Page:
How can citizens best protect themselves from the arbitrary power of abusive spouses, tyrannical bosses, and corrupt politicians? Taylor’s new book, Exit Left, makes the case that in each of these three spheres the answer is the same: exit. By promoting open and competitive markets and providing the information and financial resources necessary to enable exit, we can empower people’s voices and offer them an escape from abuse and exploitation. This will advance a conception of freedom, viz. freedom as non-domination (FND), that is central to contemporary republican thought. Neorepublicans have typically promoted FND through constitutional means (separation of powers, judicial review, the rule of law, and federalism) and participatory ones (democratic elections and oversight), but Exit Left focuses on economic means, ones that have been neglected by contemporary republicans but were commonly invoked in the older, commercial-republican tradition of Alexander Hamilton, Immanuel Kant, and Adam Smith. This book’s revival and revision of commercial republicanism will enlarge republican practice by encouraging greater use of market mechanisms, even as it hews closely to existing republican theory.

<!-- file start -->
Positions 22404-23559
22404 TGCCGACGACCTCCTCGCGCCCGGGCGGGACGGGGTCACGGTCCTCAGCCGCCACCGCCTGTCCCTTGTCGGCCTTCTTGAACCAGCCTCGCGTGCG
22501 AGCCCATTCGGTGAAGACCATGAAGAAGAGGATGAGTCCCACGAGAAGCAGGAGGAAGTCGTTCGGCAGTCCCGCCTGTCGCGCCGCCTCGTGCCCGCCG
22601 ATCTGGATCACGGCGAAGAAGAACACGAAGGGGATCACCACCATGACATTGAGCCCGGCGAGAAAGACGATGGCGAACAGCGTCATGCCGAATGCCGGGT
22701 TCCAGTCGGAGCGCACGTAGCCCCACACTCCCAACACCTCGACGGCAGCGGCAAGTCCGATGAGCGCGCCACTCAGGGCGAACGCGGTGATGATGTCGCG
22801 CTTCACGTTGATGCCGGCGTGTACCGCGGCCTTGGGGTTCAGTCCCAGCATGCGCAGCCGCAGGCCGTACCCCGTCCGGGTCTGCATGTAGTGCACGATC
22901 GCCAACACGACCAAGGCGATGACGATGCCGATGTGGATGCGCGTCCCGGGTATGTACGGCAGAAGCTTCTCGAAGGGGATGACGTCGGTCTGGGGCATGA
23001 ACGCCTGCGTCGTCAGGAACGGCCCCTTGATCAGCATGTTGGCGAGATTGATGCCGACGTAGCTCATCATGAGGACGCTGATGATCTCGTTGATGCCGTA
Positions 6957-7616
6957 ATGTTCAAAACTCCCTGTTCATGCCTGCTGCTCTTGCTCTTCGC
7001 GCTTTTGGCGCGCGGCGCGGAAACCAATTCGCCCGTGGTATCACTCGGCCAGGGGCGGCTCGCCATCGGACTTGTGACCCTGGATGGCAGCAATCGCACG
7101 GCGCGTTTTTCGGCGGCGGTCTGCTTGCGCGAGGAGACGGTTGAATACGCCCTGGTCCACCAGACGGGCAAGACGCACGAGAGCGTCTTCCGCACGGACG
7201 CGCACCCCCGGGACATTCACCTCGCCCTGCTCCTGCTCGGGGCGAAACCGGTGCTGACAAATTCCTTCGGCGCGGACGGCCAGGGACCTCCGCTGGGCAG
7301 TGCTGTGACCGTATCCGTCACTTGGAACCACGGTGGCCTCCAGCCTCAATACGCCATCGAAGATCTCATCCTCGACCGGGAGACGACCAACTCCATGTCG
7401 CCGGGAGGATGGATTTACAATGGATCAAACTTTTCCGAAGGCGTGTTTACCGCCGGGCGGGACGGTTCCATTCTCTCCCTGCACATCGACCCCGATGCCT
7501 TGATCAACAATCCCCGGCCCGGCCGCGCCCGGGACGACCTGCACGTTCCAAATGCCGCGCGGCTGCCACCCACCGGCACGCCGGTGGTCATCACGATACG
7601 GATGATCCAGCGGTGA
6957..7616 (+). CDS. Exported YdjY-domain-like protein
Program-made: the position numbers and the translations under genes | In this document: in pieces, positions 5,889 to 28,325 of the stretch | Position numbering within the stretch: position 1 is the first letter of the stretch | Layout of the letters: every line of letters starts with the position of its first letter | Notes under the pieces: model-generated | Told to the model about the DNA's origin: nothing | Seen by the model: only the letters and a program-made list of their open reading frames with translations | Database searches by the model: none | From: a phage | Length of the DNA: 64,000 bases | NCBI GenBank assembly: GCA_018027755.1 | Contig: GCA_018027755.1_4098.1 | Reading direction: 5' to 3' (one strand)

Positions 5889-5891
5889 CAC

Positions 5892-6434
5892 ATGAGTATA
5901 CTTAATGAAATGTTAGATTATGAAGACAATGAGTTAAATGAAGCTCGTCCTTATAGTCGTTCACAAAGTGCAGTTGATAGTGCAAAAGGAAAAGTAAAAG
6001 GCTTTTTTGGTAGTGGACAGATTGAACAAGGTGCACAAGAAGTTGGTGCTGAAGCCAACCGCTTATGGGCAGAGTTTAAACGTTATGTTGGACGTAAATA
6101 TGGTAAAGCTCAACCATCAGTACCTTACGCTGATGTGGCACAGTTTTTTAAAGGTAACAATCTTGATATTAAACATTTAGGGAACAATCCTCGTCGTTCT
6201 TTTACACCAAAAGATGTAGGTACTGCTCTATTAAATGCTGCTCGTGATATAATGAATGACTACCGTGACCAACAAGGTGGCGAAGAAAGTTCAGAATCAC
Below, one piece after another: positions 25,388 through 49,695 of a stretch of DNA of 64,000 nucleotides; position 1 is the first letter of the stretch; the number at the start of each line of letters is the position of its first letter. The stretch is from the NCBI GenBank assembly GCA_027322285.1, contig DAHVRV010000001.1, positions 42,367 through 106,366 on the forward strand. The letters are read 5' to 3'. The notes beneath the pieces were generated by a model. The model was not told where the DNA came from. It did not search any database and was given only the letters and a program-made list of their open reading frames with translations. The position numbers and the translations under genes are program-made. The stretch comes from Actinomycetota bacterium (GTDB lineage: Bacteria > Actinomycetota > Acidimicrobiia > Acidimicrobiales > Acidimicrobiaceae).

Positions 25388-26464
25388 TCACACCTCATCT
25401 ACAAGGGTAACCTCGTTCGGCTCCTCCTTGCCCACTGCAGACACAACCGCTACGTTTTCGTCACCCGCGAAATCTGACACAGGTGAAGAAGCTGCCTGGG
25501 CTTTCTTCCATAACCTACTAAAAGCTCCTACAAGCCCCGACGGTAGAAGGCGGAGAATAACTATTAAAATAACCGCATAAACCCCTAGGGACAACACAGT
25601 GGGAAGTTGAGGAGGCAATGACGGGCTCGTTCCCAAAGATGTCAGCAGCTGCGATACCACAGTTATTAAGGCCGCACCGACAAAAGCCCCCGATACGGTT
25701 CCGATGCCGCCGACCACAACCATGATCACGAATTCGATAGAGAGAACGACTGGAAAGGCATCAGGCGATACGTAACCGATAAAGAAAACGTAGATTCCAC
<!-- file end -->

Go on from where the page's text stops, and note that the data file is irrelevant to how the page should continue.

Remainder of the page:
read more...

Posted in Books | Tagged | Leave a comment

Anarchism/Minarchism Anthology Now in Paperback

Anarchism/Minarchism:  Is a Government Part of a Free Country?

I’m pleased to announce that the 2008 anthology Anarchism/Minarchism: Is a Government Part of a Free Country?, edited by the late Tibor Machan and myself, is about to be released in paperback from Routledge (formerly Ashgate). It’s scheduled for the end of November, but can be pre-ordered now at Amazon (US here, Canada here, UK here).

At $55 it’s still a hefty pricetag, but it beats the hardback cost, which varies between $100 and $150.

The contents:

  • Lester Hunt: “Why the State Needs a Justification”

    Roger Lee: “Libertarianism, Limited Government, and Anarchy”

    read more...

Posted in Books | Tagged , , | Leave a comment

CfP: New Springer Book Series: “Philosophy and Poverty”

“Philosophy and Poverty”, a new fully peer-reviewed book series published by Springer. The first volume is scheduled to be published in 2018. The book series is edited by Henning Hahn, Gottfried Schweiger and Clemens Sedmak, whose work is supported by an international Advisory Board. It is the first book series to focus exclusively on philosophical research on poverty, which is an area of increasing interest and high social and political importance. The book series is not restricted to issues of ethics and justice which dominate the philosophical research on poverty, but is also open to questions related to the philosophy of science, epistemology or history of philosophy insofar as they relate to poverty.

Posted in Books, Calls for Papers | Tagged , , , , , , , , , , | Leave a comment